Headshots: Your professional image captured in just one picture
I recently came across a funny post on Buzzfeed, one of the pop culture websites I read often. Back in the early ’90s may have been the heyday of Glamour Shots, but they are certainly not the look you should be going for when you have your formal headshot taken for business purposes.
Whether for a firm website, client/prospect proposal or speaking engagement, a formal headshot is a necessary part of your professional style arsenal. While the photos on Buzzfeed are fun to laugh at, the poses, outfits and expressions are all terrible ideas for your formal headshot!
Here’s a few simple pointers:
• Dress conservatively for your formal portrait. Your formal portrait will be used in marketing collateral, proposals, on the web and for many other uses to represent you and your firm. Wear clothing that would be appropriate in the office and in front of clients, and avoid the “Glamour Shots” look or anything that may look dated in a few seasons.
• SMILE! It’s OK to smile in your business portrait. You want to look relaxed, trustworthy and approachable. Often times an unsmiling photo subject creates too stern of an expression. Special note: A drug store teeth whitening kit can help out a bit too!
• Choose solid colors and flattering makeup. Patterns can be distracting or look out of fashion after a few years. Keep it simple, clean and professional. Choose colors that work best with your skin tone and hair, and wear work appropriate makeup to bring out your best features without looking too “made up.” Check out your own management group’s portraits to see what works best on each subject, and to gain ideas and best practices.
• Use a professional photographer who can offer basic re-touching. A polished image can be created by altering small details such as blemishes, lint on clothes or stray hairs… just don’t go overboard!
Now that we’ve covered headshots, it’s on to the holidays. It’s that time of year again! With Thanksgiving over and the winter holidays quickly on their way, here are a few timely pointers.
Unsure of who to buy for, what to spend, or what type of gifts may be appropriate for your office mates? Look no further than this incredibly helpful guide from Ladies Home Journal. There is some great information there, including the useful rule of thumb to not spend more per gift than the IRS allows ($25 tax deduction for each professional gift). But also check to see if your firm has any gift-giving policies, or if there is a local charity or company gift-giving program in place to give to those in need in your area.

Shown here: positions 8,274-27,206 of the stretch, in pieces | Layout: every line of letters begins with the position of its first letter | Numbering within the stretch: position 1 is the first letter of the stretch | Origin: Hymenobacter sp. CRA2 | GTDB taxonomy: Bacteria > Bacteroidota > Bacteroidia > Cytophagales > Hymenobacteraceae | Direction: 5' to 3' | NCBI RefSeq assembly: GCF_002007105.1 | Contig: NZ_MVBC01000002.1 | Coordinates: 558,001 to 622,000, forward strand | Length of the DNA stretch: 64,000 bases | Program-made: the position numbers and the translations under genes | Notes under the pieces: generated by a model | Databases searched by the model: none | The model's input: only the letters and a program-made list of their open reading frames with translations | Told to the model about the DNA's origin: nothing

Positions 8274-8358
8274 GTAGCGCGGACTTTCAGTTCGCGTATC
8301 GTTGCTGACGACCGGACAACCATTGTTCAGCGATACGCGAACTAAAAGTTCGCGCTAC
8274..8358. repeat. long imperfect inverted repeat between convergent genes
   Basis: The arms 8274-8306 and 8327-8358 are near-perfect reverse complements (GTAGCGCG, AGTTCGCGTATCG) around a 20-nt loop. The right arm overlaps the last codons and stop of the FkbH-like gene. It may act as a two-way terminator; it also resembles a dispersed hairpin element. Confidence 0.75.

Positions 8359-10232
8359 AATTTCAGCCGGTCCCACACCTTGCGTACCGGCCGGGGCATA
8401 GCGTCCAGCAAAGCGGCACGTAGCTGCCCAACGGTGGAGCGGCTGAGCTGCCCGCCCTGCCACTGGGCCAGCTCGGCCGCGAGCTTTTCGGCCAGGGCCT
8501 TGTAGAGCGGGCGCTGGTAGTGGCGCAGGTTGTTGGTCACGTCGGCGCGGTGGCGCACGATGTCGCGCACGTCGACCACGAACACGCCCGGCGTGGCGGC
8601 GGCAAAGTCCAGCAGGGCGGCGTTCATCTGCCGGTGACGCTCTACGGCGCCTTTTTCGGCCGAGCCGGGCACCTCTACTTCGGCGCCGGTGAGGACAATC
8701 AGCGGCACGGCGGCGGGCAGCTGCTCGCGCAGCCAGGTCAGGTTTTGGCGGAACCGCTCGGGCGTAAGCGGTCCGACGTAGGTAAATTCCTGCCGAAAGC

The holiday party
I’ll keep this short and sweet… Here are three key “don’ts” when it comes to celebrating the holidays with your colleagues.
1) Don’t drink too much. It’s an office event/work function, so have fun, relax and enjoy yourself—but don’t conduct yourself in a way that could reflect badly on your reputation at work. Also, don’t forget to ask for a ride home or a cab if you have had too much to drink. Be cautious and aware that drinking and driving can destroy your own life or those of others on the road.
2) Don’t wear your club gear. A few sequins, a pretty party dress or something special is OK, but leave the club wear at home! Too tight, too short, or ill-fitting clothing at the company party will look out of place on just about anyone. If you would not wear it to work, don’t wear it to the party (but feel free to get a bit festive if the occasion calls for more of an evening wear look).
3) Choose a guest wisely. Don’t underestimate the importance of your guest’s behavior, so choose carefully if you are bringing someone along with you to your work event. They should also follow the rules above!
I’m always trying to think of creative gifts for my coworkers and friends at work, so here are a few interesting sites and ideas that you may want to explore for cool stuff to give during the holidays.
Uncommongoods: Check out their corporate gifts section, containing some unusual items that are really cool and quirky!
Etsy: I have found so many wonderful home décor items and gifts on this site, and also been inspired to create my own DIY-style. Check them out for everything from artwork to vintage gifts.
Support your local shops! As many holiday shoppers did on #SmallBusinesssaturday around the country, consider checking out your local shops and boutiques instead of the big box or chain stores for gifts. You will be supporting your local economy and hopefully will find something out of the ordinary or uniquely special!
Emily Burns Perryman is a State University of New York Fashion Institute of Technology graduate and started her career in New York City working for companies including Giorgio Armani Le Collezioni, Christian Dior and Jones Apparel Group. She is now e-Marketing Communications Specialist for Freed Maxick CPAs in Buffalo, N.Y., and was named the Association for Accounting Marketing's 2011 "Rookie of the Year." Follow her on Twitter @FreedMaxickCPAs or email her at email@example.com.